Using Psychology to Make Your Curses Actually Work

A study at Queen Mary University of London gave people the task of either predicting or maintaining the health of a baby (fortunately not a real baby). People who were given constant advice and updates, even if those updates were praise, tended to do worse than people who were left alone. The idea is that, in order to do a good job at anything, people need to focus and make the right decision. Listening to other people’s opinions made them lose focus and screw up. The more complex the task, the more warm and loving encouragement seems to ruin people.
The key to a psychologically devastating curse is helplessness. Helplessness cultivates a condition called diastolic flaccidity, which is an extreme drop in blood pressure. It’s been linked to the deaths of seemingly healthy people who believe they are cursed.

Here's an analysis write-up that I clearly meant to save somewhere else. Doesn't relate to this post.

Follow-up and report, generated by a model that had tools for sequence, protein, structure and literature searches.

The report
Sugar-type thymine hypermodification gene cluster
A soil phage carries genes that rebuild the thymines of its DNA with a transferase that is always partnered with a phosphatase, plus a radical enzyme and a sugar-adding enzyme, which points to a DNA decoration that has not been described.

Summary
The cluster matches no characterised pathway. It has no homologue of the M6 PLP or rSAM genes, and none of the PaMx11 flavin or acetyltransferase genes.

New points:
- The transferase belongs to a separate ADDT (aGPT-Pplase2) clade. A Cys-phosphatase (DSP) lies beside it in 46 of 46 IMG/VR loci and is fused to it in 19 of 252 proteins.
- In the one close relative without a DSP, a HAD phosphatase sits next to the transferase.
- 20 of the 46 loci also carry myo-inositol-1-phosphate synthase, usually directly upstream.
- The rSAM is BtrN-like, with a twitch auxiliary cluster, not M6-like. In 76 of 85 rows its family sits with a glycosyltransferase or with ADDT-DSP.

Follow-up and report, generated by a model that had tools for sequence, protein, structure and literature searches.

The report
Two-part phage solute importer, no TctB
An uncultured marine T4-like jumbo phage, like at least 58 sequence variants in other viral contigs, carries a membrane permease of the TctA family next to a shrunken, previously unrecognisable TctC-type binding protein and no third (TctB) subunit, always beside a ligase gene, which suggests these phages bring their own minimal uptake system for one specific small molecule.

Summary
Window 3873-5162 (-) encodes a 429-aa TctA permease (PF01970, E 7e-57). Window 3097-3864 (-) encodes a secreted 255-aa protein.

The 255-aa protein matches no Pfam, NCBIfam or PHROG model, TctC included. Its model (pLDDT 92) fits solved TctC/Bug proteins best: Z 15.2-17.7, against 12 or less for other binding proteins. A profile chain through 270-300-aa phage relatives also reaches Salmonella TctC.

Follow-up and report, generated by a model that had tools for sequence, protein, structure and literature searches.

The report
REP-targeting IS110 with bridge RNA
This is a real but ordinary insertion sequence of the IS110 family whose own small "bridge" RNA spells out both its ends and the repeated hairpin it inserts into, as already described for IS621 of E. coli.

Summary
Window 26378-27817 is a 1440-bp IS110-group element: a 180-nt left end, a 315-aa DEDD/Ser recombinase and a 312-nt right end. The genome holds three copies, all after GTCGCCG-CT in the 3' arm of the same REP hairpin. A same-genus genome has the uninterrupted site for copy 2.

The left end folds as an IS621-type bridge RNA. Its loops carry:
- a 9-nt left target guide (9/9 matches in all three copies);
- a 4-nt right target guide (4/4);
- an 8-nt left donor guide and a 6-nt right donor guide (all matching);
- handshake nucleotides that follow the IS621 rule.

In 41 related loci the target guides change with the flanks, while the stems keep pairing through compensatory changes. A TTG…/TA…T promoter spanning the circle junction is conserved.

Among people from China and Japan, including those who emigrated to new countries, the rate of heart attacks goes up on the fourth of every month. The number four is considered unlucky in China and Japan. In many Eastern countries, people skip the fourth floor of buildings instead of the thirteenth the way people do in the West. Given the number of heart attacks, they’d probably be happy to skip the fourth of the month, too, but it’s not practical. So the fourth comes up every month, no matter what anyone does. That sets up the combination necessary to kill someone: fear, awareness, and helplessness.

Sursa: Curse Me Like You Mean It: Using Psychology to Make Your Curses Actually Work